Academic Excellence

Why the Pursuit of Perfection Needs a Remodel

Serena Kok sey Tjong, Staff Writer

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Forgive me for bragging, but as a senior with a 3.93 GPA, I am a Top Scholar and have been on the honor roll since elementary school. For as long as I can remember, most of my life has revolved around school and, in that respect, I’ve done pretty well. But I also have a history of anxiety attacks, and my stress and worry over school have frequently made me physically sick.

Similarly, I still regret not taking AP NSL sophomore year, because I know that would have made my transcript look a tiny bit better. At the time, I thought I wasn’t ready for that workload and, while that opinion was mostly wrong, it was an informed decision I made myself. So, why can I not shake this feeling of regret no matter what I do?

The answer might lie within how academic excellence is pushed onto students in our society. Excelling in academics is important and can signify the development of many important qualities. But beyond the realm of encouraging kids to do well in their classes, there’s a faint yet very important line. At some point, we crossed that line and found ourselves pushing students, and each other, to do endless homework and take increasingly rigorous classes they may not be fully prepared for until they sacrifice some of the most important facets of life such as sleeping, eating, and taking a break from stress.
What this leads to is students believing their grades are more important than their health and finding motivation in places it shouldn’t be. Fear may be a powerful motivator, but fear of failure, or in my case, parents, isn’t healthy.

Don’t get me wrong, academics are essential. Depending on your aspirations, doing well in school is a big step in the direction of success, especially when it comes to getting accepted into an elite university, but it’s important to remember this is a correlation, not a causation; not everyone with a perfect GPA is guaranteed success, and not everyone with a terrible GPA is limited to doing remedial jobs the rest of their lives. When it comes down to it, achievement comes from personality and drive, not straight A’s, or straight D’s.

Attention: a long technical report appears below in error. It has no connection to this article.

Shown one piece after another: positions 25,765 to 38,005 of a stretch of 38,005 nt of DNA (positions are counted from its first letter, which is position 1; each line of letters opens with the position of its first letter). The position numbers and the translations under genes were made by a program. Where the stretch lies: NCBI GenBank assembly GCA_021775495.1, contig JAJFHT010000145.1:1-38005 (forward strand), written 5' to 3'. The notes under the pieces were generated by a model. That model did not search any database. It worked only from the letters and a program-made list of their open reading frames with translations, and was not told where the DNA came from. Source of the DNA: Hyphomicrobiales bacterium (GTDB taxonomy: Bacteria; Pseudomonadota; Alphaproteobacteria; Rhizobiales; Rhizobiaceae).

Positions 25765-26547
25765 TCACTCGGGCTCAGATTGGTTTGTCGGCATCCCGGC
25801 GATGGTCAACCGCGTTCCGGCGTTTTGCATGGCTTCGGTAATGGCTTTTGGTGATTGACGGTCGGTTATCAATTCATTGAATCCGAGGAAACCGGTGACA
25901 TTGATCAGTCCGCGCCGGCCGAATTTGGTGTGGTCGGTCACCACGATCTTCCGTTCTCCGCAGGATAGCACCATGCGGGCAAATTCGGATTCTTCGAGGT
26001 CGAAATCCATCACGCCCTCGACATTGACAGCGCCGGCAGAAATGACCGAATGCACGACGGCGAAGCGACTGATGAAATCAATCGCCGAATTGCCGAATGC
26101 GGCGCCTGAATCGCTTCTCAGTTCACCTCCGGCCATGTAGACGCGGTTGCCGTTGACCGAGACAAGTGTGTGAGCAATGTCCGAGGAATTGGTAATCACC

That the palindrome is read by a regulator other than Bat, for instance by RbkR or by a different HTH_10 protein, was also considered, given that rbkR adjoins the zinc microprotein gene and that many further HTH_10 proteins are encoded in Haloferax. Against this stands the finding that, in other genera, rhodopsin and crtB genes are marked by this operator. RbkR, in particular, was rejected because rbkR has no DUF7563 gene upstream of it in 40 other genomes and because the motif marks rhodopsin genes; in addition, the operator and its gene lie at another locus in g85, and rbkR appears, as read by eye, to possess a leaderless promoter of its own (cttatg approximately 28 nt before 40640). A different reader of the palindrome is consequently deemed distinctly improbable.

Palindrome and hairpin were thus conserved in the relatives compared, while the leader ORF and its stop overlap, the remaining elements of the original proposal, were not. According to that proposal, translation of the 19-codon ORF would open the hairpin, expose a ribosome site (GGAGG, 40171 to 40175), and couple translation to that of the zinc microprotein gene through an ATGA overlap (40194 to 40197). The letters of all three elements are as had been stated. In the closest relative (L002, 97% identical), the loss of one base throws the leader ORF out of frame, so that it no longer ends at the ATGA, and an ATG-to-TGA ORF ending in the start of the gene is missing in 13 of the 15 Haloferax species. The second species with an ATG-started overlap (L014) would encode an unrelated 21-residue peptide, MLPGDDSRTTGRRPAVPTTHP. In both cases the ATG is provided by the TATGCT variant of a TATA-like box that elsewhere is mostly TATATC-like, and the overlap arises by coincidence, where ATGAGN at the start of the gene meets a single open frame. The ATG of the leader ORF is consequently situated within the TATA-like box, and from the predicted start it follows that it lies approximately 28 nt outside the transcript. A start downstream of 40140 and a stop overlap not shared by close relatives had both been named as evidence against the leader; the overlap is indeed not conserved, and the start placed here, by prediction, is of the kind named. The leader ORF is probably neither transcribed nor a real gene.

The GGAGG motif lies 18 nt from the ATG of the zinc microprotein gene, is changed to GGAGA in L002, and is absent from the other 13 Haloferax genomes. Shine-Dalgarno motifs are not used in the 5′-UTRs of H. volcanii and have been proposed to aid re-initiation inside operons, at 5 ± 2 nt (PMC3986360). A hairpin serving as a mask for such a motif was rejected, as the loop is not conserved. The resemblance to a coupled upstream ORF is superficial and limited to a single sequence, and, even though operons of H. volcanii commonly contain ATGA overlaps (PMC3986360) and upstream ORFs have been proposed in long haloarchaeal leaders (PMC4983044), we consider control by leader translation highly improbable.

It’s important that we as a society encourage people to be aware of the sacrifices pursuers of academic excellence may have to make, and what types of highs and lows they may go through, while also making an effort not to be the main reinforcer of those sacrifices. What I mean by this is, yes, going the extra mile is basically a requirement. As one obtains any prestigious title, the title of academic excellence means that you have to be willing to sacrifice, socially and mentally. But no student, whether he or she is okay with being an “average” student or not, should be crushed under the immense pressure put on him or her to be perfect students. No student should feel like, in order to ensure a good grade and thus a good future, he or she must sacrifice eating lunch or sleeping at a reasonable time.

We have to remember that high school students are teenagers. They’re still growing and learning and are far from being mature, fully developed adults. They need breaks; they need encouragement. Once in a while, they need to feel like not everything hinges on their ability to sit and ace a test.
This definitely isn’t the first time someone has expressed this or written an opinion article about it either. We hear it all the time. So, it’s time we practice what we preach.

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Academic Excellence